As with vitality and a growth mind-set, clarity around purpose and direction can be fostered and reinforced. Larry Merlo, CEO of the large US pharmacy chain CVS Health, put a bold stake in the ground when he declared that the company was phasing out the sale of tobacco products, which generated $2 billion a year in revenue, at its more than 7,600 stores. Resolved to lead CVS Health’s evolution from a pharmacy chain to a healthcare company, Merlo continually reinforces that higher purpose with his employees through word and deed. “Ending the sale of cigarettes and tobacco products at CVS Pharmacy is simply the right thing to do for the good of our customers and our company,” he wrote in a company statement. “The sale of tobacco products is inconsistent with our purpose—helping people on their path to better health.”5 Since removing tobacco products, CVS Health has also made a significant commitment to philanthropic giving and strategic partnerships with tobacco cessation and prevention programs.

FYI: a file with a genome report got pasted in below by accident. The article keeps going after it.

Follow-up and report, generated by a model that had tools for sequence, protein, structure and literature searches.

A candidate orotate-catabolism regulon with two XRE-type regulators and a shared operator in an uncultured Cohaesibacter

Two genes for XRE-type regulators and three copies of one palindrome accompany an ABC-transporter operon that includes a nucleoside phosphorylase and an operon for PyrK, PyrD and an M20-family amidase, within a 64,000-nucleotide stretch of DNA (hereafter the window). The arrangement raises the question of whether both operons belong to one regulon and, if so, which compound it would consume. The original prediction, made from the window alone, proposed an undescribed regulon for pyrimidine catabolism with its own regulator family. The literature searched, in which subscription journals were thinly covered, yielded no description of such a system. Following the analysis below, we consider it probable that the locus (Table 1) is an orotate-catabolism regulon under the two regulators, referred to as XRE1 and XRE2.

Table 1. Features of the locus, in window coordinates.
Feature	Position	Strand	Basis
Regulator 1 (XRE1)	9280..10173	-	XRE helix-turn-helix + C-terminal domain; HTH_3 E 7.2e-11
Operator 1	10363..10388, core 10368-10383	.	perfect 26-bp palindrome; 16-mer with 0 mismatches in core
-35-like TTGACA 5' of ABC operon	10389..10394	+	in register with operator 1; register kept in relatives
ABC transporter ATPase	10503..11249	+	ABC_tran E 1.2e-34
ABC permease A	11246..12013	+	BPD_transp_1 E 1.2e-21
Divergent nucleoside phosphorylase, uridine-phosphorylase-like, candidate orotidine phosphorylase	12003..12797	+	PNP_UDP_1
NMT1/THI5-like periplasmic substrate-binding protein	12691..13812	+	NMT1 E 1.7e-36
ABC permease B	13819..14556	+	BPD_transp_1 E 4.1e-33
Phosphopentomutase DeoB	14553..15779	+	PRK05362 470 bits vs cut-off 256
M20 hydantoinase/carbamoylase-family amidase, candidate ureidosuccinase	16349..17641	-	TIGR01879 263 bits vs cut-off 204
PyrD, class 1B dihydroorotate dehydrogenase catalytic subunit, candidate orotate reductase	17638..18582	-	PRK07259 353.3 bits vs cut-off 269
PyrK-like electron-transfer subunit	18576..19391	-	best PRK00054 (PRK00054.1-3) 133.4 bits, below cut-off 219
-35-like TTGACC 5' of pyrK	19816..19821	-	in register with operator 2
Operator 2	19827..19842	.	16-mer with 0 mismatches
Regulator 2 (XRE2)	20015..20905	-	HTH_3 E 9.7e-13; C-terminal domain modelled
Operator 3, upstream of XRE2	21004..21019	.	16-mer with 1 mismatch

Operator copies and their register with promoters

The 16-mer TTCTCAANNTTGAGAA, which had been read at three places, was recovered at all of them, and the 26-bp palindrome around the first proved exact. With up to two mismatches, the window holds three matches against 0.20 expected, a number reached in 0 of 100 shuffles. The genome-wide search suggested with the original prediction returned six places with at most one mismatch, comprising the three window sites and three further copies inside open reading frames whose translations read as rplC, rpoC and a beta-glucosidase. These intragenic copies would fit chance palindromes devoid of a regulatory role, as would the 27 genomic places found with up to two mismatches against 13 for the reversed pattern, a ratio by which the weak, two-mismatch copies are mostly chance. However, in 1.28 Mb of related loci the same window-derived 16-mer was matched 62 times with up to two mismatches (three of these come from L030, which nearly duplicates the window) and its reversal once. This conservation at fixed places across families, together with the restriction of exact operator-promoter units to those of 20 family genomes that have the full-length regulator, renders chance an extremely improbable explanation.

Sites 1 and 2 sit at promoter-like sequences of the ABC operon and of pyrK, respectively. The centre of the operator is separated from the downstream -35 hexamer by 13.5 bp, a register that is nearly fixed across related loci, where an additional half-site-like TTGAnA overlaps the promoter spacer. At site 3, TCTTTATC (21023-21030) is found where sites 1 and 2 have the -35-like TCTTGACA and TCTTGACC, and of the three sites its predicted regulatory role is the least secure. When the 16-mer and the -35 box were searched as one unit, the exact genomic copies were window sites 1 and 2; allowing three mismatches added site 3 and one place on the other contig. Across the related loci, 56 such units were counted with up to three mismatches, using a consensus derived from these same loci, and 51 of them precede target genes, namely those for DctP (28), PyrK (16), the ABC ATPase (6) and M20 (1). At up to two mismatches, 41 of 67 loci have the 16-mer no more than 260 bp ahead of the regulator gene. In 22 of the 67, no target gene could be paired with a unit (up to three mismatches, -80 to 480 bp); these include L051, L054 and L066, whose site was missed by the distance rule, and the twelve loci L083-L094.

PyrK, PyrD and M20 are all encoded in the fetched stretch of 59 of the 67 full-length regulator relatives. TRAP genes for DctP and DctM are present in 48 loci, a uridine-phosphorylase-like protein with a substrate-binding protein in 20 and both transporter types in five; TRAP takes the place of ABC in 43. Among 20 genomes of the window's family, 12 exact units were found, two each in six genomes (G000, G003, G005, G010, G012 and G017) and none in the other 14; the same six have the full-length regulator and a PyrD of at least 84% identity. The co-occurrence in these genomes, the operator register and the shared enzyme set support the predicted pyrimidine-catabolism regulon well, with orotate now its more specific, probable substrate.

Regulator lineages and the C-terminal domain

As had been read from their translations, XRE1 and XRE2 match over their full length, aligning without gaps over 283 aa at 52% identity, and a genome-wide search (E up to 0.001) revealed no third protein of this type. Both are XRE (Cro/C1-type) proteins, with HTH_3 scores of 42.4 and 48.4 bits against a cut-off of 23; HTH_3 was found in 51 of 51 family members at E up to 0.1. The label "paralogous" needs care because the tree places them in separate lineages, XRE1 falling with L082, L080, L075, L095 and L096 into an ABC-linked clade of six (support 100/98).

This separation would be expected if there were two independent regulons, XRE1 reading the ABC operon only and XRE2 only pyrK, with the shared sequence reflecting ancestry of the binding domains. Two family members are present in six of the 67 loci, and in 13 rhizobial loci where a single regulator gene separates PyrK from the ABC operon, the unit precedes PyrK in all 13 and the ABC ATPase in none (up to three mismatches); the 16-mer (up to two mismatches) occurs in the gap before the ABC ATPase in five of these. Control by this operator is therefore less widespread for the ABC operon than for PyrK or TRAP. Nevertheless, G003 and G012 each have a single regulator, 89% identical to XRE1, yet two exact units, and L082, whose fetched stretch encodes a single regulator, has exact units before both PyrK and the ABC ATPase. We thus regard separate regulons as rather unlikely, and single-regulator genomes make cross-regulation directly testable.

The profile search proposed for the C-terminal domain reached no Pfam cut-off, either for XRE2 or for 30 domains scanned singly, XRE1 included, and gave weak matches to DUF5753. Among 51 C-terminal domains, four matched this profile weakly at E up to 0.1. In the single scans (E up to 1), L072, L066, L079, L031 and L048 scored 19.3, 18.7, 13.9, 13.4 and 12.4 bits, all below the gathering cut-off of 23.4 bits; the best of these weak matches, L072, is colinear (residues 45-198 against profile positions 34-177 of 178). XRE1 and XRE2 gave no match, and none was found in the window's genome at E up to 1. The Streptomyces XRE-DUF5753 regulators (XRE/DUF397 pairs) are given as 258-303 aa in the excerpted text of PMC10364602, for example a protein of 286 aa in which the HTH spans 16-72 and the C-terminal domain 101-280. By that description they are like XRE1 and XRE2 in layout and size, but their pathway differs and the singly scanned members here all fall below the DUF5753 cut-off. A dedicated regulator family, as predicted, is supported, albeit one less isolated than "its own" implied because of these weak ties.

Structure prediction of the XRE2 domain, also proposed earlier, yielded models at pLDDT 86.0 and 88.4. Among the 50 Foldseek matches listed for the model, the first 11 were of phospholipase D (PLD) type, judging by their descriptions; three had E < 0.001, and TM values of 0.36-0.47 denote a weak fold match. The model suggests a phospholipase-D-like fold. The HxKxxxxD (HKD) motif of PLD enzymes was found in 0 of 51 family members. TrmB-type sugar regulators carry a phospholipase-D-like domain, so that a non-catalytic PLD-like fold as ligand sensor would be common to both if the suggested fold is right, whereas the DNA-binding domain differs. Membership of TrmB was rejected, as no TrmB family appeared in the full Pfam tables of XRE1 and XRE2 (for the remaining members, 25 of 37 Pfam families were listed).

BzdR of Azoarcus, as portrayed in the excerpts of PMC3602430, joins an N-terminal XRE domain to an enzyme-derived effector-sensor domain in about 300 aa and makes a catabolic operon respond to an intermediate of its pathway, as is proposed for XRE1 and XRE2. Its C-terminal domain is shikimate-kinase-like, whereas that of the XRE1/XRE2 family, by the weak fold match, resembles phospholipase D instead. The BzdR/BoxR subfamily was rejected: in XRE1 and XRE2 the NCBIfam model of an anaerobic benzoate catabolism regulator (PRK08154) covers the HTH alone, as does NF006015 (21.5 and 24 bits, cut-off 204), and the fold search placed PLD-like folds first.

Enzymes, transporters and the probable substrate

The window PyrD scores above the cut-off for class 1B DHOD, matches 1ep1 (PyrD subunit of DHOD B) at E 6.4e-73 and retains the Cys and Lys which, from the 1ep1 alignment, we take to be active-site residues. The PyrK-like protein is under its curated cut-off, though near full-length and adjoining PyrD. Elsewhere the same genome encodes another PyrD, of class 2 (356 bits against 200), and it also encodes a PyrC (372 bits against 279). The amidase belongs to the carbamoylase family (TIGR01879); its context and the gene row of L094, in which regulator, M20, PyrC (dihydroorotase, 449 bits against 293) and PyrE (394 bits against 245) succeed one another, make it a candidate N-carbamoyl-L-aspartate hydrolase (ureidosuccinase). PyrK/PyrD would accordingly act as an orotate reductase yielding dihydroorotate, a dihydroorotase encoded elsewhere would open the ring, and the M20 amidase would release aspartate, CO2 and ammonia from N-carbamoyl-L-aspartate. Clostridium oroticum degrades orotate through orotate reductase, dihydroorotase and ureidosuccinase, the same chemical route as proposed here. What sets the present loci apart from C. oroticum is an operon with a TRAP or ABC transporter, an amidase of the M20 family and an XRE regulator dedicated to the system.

The real genius of Larry Merlo, Dominique Leroy, Lin-Manuel Miranda, or any other superthriver is the ability to create and maintain a thriving state of mind throughout an organization. It’s a powerful formula for success: By tapping the vitality, growth mind-set, and purpose of a diverse set of colleagues, you can create a thriving culture where creativity, collaboration, and innovation are a way of life. You might not win a Tony, but like Miranda and company, you will likely be richly rewarded in the marketplace.

About the authors

Jim Hart is a senior advisor and former president and CEO of the culture-shaping firm Senn Delaney, a Heidrick & Struggles company.

Mike Marino is the former president and CEO of Senn Delaney.

The authors wish to thank Patty Klingbiel Connell for her contributions to this article.


1 The White House, “Lin-Manuel Miranda Performs at the White House Poetry Jam,” YouTube video, November 2, 2009.

2 Colin Price and Sharon Toye, Accelerating Performance: Mobilize, Execute, and Transform with Agility, Hoboken, NJ: John Wiley & Sons, 2017.

3 Carol Dweck, Mindset: The New Psychology of Success, first edition, New York: Random House, 2006.

4 Ian Johnston, “The power of culture: A conversation with Proximus CEO Dominique Leroy,” Heidrick & Struggles, February 9, 2015.

5 Larry J. Merlo, “Message from Larry Merlo, president and CEO,” CVS Health, February 5, 2014.